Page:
You are here

Repository research at GRS: from radionuclide to repository concept

Printer-friendly version

The Repository Research Centre of GRS in Braunschweig (Source: GRS)By the year 2040, around 29,000 m³ of high-active waste and about 270,000 m³ of medium- and lo-active waste will have accrued in Germany. This waste originates mostly from nuclear power plants, but also from industrial, medical and research applications. In Germany, the construction and operation of repositories for radioactive waste are the responsibility of the federation state. Here, GRS provides support at two levels: by repository safety research and by repository safety assessments for licensing procedures.

The scientists and authorised experts at GRS look at the issue of disposal from the points of view of the chemical properties of the individual radioactive isotopes up to the technical concepts of repository systems stretching over several kilometres. At the GRS Repository Research Centre in Braunschweig, they acquire fundamental knowledge about the processes developing in a repository and develop methods for assessing the long-term safety of a repository. The disposal of hazardous chemical waste in so-called underground waste disposal sites is also a research topic at GRS Braunschweig. Scientists prepare and analyse saline solutions in the accredited geoscientific laboratory of GRS (Source: GRS)The researchers want to find answers to the question of how the waste can be lastingly stored in a safe manner. What could a repository for radioactive waste look like? What kinds of rock are suitable for storage? How will a repository evolve over a million years?

Experimental research at the GRS laboratory
At the geoscientific laboratory of GRS, the experts carry out application-oriented fundamental research. They perform geochemical and geotechnical experiments or take and analyse samples – e.g. saline solutions as encountered in repositories or underground waste disposal sites. Apart from that, the geoscientific laboratory staff also carry out analyses, e.g. of gas samples from the Asse mine as part of the fact-finding work (cf. EPROM).In 2013, the laboratory was accredited as test laboratory for the sampling and chemical analysis of saline solutions. On top of that, part of the Repository Research Division of GRS is also an accredited inspection agency for issues relating to the origin of saline solutions, the leaching of contaminants from waste, and the conversion of concrete materials.

Geotechnical analysis of different rock samples in a pilot plant (Source: GRS)In-situ research in underground laboratories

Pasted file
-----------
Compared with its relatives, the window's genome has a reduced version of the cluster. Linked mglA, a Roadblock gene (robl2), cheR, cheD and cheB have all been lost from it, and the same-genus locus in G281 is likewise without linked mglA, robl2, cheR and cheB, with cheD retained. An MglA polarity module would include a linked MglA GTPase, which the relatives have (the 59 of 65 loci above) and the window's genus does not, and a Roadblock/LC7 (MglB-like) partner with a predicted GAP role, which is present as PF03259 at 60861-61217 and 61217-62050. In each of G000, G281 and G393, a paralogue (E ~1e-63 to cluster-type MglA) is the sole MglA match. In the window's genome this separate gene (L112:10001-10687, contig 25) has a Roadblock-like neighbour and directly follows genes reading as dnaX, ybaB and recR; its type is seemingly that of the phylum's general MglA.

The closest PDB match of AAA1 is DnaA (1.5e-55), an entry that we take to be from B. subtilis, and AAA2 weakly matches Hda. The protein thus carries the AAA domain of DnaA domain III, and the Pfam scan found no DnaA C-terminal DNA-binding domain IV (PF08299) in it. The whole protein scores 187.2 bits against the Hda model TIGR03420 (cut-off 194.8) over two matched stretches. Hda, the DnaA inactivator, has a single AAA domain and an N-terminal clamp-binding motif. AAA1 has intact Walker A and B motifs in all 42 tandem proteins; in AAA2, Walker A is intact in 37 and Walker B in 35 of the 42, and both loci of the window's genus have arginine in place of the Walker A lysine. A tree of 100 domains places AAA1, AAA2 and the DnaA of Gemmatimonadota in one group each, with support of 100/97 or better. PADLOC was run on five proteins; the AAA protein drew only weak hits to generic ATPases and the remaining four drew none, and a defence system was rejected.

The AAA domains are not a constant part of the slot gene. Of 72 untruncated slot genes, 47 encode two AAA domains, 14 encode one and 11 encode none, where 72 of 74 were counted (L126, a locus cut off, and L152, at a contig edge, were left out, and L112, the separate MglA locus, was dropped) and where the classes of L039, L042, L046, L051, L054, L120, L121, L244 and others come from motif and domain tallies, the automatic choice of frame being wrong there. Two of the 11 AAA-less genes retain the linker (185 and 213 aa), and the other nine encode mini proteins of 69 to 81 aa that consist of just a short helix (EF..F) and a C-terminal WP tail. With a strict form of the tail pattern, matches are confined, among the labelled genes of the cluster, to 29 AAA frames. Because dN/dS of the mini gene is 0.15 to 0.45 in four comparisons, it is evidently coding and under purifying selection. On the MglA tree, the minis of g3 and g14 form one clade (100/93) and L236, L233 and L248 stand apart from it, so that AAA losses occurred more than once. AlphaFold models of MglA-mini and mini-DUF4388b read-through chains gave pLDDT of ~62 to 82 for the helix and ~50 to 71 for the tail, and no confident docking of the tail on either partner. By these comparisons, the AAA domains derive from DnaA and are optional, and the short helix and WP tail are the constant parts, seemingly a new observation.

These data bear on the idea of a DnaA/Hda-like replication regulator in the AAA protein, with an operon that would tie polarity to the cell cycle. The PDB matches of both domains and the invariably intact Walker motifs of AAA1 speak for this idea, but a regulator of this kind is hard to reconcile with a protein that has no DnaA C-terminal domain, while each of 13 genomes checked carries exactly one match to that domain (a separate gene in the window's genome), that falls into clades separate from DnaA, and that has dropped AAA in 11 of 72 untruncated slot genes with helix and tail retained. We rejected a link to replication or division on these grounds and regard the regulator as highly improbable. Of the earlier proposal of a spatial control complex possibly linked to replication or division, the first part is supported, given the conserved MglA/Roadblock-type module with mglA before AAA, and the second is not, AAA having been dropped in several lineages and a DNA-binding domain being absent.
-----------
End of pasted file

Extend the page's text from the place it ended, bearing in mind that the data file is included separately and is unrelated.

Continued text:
Examinations that are carried out in laboratories deep below ground supplement the research in the geoscientific laboratory. The geological and structural conditions in an underground laboratory are similar to those in a repository. The experiments that are performed here are therefore particularly well-suited for extrapolation to a repository. GRS is involved in a number of large-scale international experiments carried out in underground laboratories in France, Sweden and Switzerland.

Models, computer programs, simulations
The researchers at GRS use the results of the experimental research as a basis for modelling. With such models it is possible to describe theoretically the relevant processes, e.g. the transport of gas in a repository for radioactive waste or in an underground waste disposal site for hazardous chemical waste. These models in turn form the basis of computer codes with which the processes can be calculated and simulated. GRS employs such codes for predicting the safety of repositories over very long periods of time. They are an important tool in the preparation and assessment of repository concepts or for the comparison of repositories in different host rock types.

Virtual model of an underground laboratory in 360-degree representation at the Fraunhofer IFF. Decision-making processes become easier if all involved can visualise the details. (Source: Dirk Mahler/ Fraunhofer IFF)
Virtual underground laboratory VIRTUS
Together with other research institutions, GRS is currently in the process of developing the world’s first virtual underground research laboratory. With this new tool, researchers will be able to carry out virtual experiments in detailed models of repository mines in real geological formations. As the processes can be visualised in 3D animation, the software can also be used to inform the general public about the issue of disposal in a more comprehensible and transparent manner.